I’ll admit that my first thought upon seeing Upgraded, a new Amazon Prime romcom, was something close to excitement – finally, a leading role for Camila Mendes that’s not in high school. At 29, the Riverdale alum, so game for whatever batshit curveball that show threw her and so sharp in Netflix’s romp Do Revenge, is a veteran of commanding the screen as a bitchy, beautiful, secretly vulnerable teen queen. Upgraded, from actor turned director Carlson Young, offers Mendes the much-deserved chance to act her age – or, at least, a scrappy third-tier assistant old enough to have a master’s degree in art history, who gets in way over her head and also charms everyone around her.

Like many a teen-show-to-feature upgrade before it, Upgraded is the type of movie that would have been a mid-budget studio bet in the 2000s and now goes straight to streaming, with an air of disposability and clear, better antecedents – most obviously, in this case, The Devil Wears Prada. Like Anne Hathaway’s Andi, Ana is an ambitious twentysomething in New York with limited funds and serious aspirations, stuck doing unserious work in the name of luxury. An expert on fine art, she’s in a training program for an upscale auction house and trying to catch a break, lest she run out of money and be forced to, as she says, return to Tampa and sell paintings of boats to senior citizens. She’s an unwelcome futon crasher in the one-bedroom apartment shared by her sister Vivian (Aimee Carrero) and fiance Ronnie (Andrew Schulz), two people who speak loudly and don’t understand art, because working class.

That’s just the beginning of the film’s clunky tonal swings, which range from camp (least successful) to naturalistic fantasy romance (very winsome). Upgraded, written by Christine Lenig, Justin Matthews and Luke Spencer Robert, seems at first to be going for parody of the art world, particularly in the form of Ana’s boss, Claire (Marisa Tomei), essentially an off-brand Miranda Priestley with an implacable, jarring accent. (Ana’s friend Amy, Derry Girls’s Saoirse-Monica Jackson, speculates it’s a cover for being from Minnetonka.) Ana is an archetypical toxic boss, the once-glorified figure of low-paying prestige work that’s an ill fit in the year 2024 and a hard redemption arc to buy. She’s the type of couture-dressed terrorizer who harasses junior staffers for minor imperfections, publicly humiliates for small mistakes, and cannily pits low-ranking assistants against each other for scraps of hope.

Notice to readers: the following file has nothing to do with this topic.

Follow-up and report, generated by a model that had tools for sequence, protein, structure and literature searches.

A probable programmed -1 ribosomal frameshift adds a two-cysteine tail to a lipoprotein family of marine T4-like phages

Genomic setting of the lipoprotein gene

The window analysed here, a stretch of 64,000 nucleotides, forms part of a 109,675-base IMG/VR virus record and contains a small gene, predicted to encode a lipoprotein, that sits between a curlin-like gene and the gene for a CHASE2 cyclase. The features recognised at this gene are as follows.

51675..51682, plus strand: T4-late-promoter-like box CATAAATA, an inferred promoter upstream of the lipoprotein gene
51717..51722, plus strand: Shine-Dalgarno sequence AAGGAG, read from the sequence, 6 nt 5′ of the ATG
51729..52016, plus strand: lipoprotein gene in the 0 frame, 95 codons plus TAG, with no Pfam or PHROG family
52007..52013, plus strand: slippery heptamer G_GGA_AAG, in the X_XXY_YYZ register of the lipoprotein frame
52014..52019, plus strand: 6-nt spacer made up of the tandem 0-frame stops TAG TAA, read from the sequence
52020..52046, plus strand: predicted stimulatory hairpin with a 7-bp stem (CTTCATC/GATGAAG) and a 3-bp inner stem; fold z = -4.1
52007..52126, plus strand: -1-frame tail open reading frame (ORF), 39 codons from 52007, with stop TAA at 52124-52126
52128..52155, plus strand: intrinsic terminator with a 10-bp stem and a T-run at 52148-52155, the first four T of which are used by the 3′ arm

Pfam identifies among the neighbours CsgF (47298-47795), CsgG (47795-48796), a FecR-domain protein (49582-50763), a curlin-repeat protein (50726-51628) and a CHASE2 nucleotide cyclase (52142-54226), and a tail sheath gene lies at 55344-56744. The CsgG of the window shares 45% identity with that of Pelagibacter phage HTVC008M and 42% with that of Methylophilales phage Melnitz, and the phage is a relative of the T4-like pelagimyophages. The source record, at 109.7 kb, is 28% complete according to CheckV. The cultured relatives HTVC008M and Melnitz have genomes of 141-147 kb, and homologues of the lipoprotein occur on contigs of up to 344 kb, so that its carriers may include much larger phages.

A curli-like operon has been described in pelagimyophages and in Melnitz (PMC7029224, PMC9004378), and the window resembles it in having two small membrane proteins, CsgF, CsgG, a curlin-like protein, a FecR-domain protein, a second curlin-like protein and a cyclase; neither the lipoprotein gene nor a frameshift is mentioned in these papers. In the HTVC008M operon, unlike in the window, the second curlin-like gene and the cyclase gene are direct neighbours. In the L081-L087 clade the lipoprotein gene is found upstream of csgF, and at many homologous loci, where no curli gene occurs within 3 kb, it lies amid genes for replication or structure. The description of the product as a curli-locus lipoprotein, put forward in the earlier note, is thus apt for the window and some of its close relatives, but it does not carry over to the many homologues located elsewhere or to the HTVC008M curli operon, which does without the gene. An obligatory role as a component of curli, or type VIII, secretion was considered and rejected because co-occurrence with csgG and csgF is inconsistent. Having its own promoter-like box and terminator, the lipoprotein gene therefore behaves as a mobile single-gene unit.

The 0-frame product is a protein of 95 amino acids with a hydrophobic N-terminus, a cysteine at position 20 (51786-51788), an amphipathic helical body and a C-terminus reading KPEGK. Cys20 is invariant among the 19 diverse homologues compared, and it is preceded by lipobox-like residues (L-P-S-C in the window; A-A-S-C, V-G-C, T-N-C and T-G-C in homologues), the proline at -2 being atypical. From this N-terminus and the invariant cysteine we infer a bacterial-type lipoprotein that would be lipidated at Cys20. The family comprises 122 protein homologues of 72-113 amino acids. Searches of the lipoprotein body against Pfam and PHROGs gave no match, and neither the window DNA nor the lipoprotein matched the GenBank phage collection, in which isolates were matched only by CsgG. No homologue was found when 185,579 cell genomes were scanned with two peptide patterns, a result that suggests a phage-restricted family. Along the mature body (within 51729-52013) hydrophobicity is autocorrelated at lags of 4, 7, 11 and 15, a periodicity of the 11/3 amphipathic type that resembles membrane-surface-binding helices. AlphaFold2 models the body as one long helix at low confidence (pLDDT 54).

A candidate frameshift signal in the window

So it goes that through a convenient mishap, Claire steamrolls Ana into a London work trip to extra-assist her Mean Barbie assistants du jour, Suzette (Rachel Matthews) and Renee (Fola Evans-Akingbola), on a major auction deal. Relegated to a later flight in economy, Ana again charms upward into a first-class seat next to Will Delaroche (Archie Renaux), the dishy, to quote the film’s faux British tabloid, son of bohemian-chic heiress Catherine (Lena Olin, striking the right note of narcissistic yet fun socialite). It’s basically the same rhythm as last year’s Netflix romcom Love at First Sight, but with more work talk. Ana ingratiates herself to both Delaroches, under the guise of being the youngest New York art director at the company where Catherine is planning to auction her late Russian oligarch husband’s art collection.

At 104 minutes, Upgraded is the right length for this type of escapist, smooth-brained fare yet still feels unwieldy, lurching between the cartoonishly ludicrous fine art world and a lived-in, genuinely biting flirtation in the world of real people who drink and tease. (At least Ana swears profusely, like a real assistant.) Mendes is as convincing as someone who played Veronica Lodge could be at acting the perpetually bullied third assistant, but it’s a relief whenever she leaves the office and banters with Catherine or, preferably, Will, who Renaux ably plays as the platonic ideal of a rich London boy with Jude Law in The Holiday-esque charm.

With the assurance of the romcom formula and some real earthiness to Mendes and Renaux’s performances, it’s not hard to skim over bits of laziness – Ana waking up at 7.30am and going straight to the airport yet having an overnight flight to London, Ana demonstrating her preternatural art smarts by recognizing the value of Renoirs and Cézannes – and some choppy direction. In terms of glorifying toxic bosses in rarefied London spaces, Upgraded is less serious (and more successful) than Bradley Cooper’s 2015 haute cuisine mess Burnt. It has more pretensions, and makes slightly more sense, than Emily in Paris. In true streaming economy form, it’s a smooth, ambient operator, made more memorable than it should be by a still underappreciated Mendes, who will hopefully upgrade to more headlining adults roles sooner rather than later.


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